One of the hardest things for job-seeking individuals to get passed is the pain of termination. You and the boss did not get along. So who goes? Why, you, of course! You’re fired!It’s bad enough if you lose your job through corporate downsizing, “restructuring,” company relocation or closure, but to lose your job because someone in power favored someone over you, sabotaged you or made a bad workplace situation worse or just didn’t see eye-to-eye with you — or was just plain abusive, is the hardest thing to dust yourself off, get up and start over again after feeling “poisoned” by a toxic work environment.
As an employment counselor, I see this all the time. It happens to the best of us and somewhere along the line, I am willing to wager, most people will have experienced it at least once in their working lifetime.
“The boss was a mental case. He’d curse and scream and throw things…” Or, “She was such a bitch.”(like the boss in Damages or The Devil Wears Prada). Or I hear about how someone challenged some unfairness at work, or meant well on some issue but was misunderstood and before you know it, unspoken, implied bad vibes filled the air and settled like a pall over every workday. You can cut that tension, as the saying goes, with a knife in those situations…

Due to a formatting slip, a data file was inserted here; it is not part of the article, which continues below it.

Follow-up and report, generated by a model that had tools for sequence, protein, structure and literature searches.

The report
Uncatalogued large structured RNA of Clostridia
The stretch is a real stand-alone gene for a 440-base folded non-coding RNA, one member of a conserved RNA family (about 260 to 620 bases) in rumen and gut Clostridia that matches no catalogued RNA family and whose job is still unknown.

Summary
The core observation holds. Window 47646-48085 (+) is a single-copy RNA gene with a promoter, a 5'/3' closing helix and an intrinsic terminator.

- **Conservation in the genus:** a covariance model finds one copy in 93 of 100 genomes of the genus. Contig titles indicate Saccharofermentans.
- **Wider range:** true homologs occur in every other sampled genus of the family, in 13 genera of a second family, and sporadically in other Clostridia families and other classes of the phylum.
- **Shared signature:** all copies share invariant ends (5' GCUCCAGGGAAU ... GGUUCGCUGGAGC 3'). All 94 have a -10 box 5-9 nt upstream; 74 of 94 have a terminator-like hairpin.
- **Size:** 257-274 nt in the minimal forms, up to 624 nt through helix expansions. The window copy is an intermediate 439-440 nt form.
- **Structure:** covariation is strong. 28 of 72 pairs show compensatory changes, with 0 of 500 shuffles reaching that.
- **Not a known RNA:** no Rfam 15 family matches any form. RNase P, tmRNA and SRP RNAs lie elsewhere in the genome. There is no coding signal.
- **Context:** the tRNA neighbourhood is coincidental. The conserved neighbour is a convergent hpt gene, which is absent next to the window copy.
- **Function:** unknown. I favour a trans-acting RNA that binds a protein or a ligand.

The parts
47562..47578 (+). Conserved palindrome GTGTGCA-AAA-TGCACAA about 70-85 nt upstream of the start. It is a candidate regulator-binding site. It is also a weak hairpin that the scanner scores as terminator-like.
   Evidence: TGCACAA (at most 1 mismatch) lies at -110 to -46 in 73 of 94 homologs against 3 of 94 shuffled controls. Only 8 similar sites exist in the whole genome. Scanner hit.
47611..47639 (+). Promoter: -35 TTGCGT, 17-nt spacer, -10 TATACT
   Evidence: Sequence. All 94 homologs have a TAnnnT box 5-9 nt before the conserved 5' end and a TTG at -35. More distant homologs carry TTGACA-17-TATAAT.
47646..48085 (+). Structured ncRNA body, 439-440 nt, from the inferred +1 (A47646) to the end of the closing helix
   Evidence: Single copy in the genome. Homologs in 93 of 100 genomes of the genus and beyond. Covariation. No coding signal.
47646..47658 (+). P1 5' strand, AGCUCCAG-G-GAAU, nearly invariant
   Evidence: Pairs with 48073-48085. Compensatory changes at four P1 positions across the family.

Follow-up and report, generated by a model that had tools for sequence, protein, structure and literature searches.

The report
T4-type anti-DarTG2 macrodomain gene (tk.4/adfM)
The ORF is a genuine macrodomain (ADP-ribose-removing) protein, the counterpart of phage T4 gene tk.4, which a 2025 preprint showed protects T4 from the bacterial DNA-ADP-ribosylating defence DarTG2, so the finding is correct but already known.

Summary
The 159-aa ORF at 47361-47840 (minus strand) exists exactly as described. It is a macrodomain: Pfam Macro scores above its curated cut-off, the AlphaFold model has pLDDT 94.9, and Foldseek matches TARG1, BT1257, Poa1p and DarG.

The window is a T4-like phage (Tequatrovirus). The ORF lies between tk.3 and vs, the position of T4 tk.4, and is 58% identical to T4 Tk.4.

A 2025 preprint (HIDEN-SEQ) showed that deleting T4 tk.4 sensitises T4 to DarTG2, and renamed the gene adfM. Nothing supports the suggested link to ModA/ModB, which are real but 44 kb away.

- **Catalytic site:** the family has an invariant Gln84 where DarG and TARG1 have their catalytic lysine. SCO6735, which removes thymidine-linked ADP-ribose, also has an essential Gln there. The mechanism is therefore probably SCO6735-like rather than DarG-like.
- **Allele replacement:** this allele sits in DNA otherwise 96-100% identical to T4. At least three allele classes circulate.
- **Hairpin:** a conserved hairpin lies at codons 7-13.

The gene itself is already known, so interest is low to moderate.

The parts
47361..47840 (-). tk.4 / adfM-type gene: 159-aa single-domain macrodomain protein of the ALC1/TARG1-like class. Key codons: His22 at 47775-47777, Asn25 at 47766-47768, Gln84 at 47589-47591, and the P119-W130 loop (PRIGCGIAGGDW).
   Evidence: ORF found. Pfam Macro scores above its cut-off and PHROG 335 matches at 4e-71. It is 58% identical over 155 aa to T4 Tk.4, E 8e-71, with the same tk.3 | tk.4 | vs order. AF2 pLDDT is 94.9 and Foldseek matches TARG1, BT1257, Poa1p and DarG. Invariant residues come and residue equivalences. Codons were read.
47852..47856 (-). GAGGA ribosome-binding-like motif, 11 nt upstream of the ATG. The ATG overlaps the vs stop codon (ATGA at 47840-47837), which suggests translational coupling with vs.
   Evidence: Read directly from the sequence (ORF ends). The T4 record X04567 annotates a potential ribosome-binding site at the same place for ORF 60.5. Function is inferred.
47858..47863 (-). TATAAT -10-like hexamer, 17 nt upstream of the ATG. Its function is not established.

Sadly, things can’t always be helped in cases of personality conflicts. Sometimes it’s just the way it is and nobody’s fault. It probably happens more often than not and not everyone is open to admitting it. It’s uncomfortable. You know it when it interferes with the performance of your work and you hate going in everyday. Better to get out and into a new job before being fired. People sometimes receive unemployment insurance due to firing or quitting. There is no hard and fast rule as the department of labor has appeals and grievance procedures and does hear the person out and judges on a case-to-case basis. However, there are no guarantees of receiving benefits. The hearings listen to employer as well as the employee challenging a refusal to issue benefits and this certainly is not a statement saying it’s OK to quit your job and expect to collect benefits. You are far better off slipping away into a new job before losing your current, unbearable one through being forced out and having to explain and hope the labor folks rule in your favor. It can go either way and you might be stuck holding the bag, complicating your grief, anger and bitterness. Even if you get unemployment benefits, you’ll still be bitter. That bitterness will destroy your job search efforts.
You must start over, no matter what!
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